Susan Chen Interview - The Hopper Prize

Susan Chen

Susan Chen on spending countless hours at art museums, painting portraits over Zoom, making work in response to social & psychological issues, & the many avenues available for discovering new work.

How did you get into making art?

I had always dabbled in the arts and crafts as a child but didn’t really learn how to properly oil paint until junior year of college. My obsession for the arts really began when I was 16 — I was going to school in the UK at the time and when I got the chance to go into London on the weekends, I would spend countless hours alone at art museums. I was particularly fond of the National Portrait Gallery and the Tate, where I remember being exposed to David Hockney, Sir Peter Blake, Stuart Pearson Wright, Tudor and royal portraits. I would always look very closely at paintings, wondering how one could replicate the craft or color. Perhaps that natural curiosity led me to wanting to know more.

What are you currently working on?

I am currently working on a series of Asian American Zoom portraits in response to the rise in hate crimes against Asians since the pandemic began. There have been over 3800+ hate crimes since March 2020, and I have been following these reports on a weekly basis. I wanted to survey how other Asian Americans in the country were responding to the crisis, and so have been painting individuals over Zoom. During this time, I paint but also listen to each sitter’s on the ground views and personal stories. The perks of shifting to Zoom versus painting sitters in person is that location does not become a limitation. I’ve been able to paint individuals from Washington, San Francisco, Los Angeles, Hawaii, Georgia, New Jersey, Maryland etc. all via the computer.

I am currently working on a series of Asian American Zoom portraits in response to the rise in hate crimes against Asians since the pandemic began.

Susan Chen

What inspired you to get started on this body of work?

When I was first started learning how to paint portraits, I would find strangers on the Internet from Asian diasporic community social media groups to paint. My initial intentions for painting specifically Asians had more to do with wanting to figure out skin color so that I could eventually paint a decent portrait of my younger sister. As I was new to portraiture, I felt it was important for me to learn how to paint figures from real people versus photographs. By the time I had have ten different sitters come through in the studio though, I noticed a common thread amongst everyone that the same topics would arise in conversation. These were yearnings to belong, issues with assimilation, navigating the harmful and long-time stereotypes that have been casted on Asian Americans. As I kept meeting more sitters, I realized I was confronting a giant red flag. These social and psychological issues were not just mine, but reflective on a much larger societal scale.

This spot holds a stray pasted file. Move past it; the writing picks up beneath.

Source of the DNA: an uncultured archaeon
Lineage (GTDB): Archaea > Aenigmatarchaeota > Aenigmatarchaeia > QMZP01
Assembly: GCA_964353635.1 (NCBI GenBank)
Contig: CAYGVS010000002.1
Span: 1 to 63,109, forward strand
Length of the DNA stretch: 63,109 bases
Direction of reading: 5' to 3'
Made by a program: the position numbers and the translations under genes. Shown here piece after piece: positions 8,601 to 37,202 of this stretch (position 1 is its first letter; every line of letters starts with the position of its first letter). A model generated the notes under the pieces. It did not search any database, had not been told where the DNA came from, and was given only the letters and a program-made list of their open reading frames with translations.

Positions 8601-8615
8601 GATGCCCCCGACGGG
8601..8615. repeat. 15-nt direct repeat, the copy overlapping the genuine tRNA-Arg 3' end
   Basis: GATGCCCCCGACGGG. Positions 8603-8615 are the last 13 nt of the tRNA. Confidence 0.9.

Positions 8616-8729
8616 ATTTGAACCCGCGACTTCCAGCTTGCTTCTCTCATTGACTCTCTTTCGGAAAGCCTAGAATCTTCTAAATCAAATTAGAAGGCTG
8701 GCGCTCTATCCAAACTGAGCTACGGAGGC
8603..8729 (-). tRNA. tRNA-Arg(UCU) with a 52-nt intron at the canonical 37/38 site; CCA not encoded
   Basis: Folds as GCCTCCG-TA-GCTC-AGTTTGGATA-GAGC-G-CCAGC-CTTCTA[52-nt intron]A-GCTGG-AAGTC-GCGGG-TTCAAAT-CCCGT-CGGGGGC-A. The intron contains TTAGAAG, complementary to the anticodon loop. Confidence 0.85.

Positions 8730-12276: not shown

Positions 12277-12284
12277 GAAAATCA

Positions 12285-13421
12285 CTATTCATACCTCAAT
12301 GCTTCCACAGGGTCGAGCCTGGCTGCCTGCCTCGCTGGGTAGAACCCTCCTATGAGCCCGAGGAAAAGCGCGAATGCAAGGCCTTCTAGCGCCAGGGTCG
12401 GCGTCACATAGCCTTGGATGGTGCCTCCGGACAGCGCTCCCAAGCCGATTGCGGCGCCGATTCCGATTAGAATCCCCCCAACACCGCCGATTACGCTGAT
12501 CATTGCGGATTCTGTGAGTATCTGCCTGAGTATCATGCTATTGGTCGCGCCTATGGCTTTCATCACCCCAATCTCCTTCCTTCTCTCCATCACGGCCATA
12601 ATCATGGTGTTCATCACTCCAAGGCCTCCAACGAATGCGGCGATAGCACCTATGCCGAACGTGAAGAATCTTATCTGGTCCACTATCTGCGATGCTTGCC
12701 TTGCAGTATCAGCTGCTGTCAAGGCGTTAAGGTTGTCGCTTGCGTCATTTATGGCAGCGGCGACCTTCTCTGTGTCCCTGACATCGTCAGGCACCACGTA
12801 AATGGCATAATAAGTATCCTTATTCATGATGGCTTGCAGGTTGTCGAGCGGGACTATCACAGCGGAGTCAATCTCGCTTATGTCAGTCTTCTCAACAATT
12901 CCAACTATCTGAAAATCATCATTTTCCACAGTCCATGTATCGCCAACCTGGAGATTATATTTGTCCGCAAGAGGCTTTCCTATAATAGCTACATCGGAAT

Do you work on distinct projects or do you take a broader approach to your practice?

I think of painting as more like a journal or diary of your interests, obsessions, your daily life, the things that move you (even the small things that others might find insignificant). I think the best paintings actually happen when you don’t know why you’re making the painting. So then the act of painting is more like a puzzle piece or another clue towards your search for an answer (the truth). I suppose this is my “broader approach” to my practice.

What’s a typical day like in your studio?

I wake up, eat brunch, shower, get to the studio, answer emails. Then from 12-10 PM I work in the studio, taking breaks for tea and dinner. I try to be painting most of the time, but I also find myself doing a lot of looking or researching at times. I now set an alarm to clean my brushes at 10 PM, otherwise I’ll end up leaving the studio too late, and that really messes with my sleep hours.

Who are your favorite artists?

This changes every year!! There are always your classic masters: Matisse, Bonnard, Picasso, Rembrandt, Velazquez, etc., and then my favorite American painters like Philip Guston, Alice Neel, Florine Stettheimer, Milton Avery. I think I’m going through a phase of John Bratby (the kitchen sink painters), Sam Messer, and Lucien Freud right now. There’s also something super magical about living a life with artist friends who are making work in present time. Some painters from school I adore: Stipan Tadic, Henry Anker, Mark Yang, James Mercer, Yifan Jiang, Erica Mao, Pence Wilson, Patrick Bayly, Jose Zuniga etc. And my recent teachers: Susanna Coffey, Gregory Amenoff, Tomas Vu, Richard Hull, Phyllis Bramson, Shara Hughes, Wendy Edwards (they always linger in the back of my mind).

Where do you go to discover new artists?

Everywhere and anywhere. Artists apparently hates art fairs, but I love them!! I love the energy of those things (though of course they’re practically cancelled now.) I love the smaller galleries and fairs too, like Spring/Break Art Fair, MFA shows, smaller local galleries – I feel like you can really get a sense of artists who are working on the ground (those not yet fully affected by heavy market pressures). And of course, there’s the importance of always discovering musicians, writers, and poets too! Through Spotify, new books and podcasts (talkart, sound & vision, I LIKE YOUR WORK).

Susan Chen is an artist based in Hartford who recently won The Hopper Prize. To learn more about the artist:

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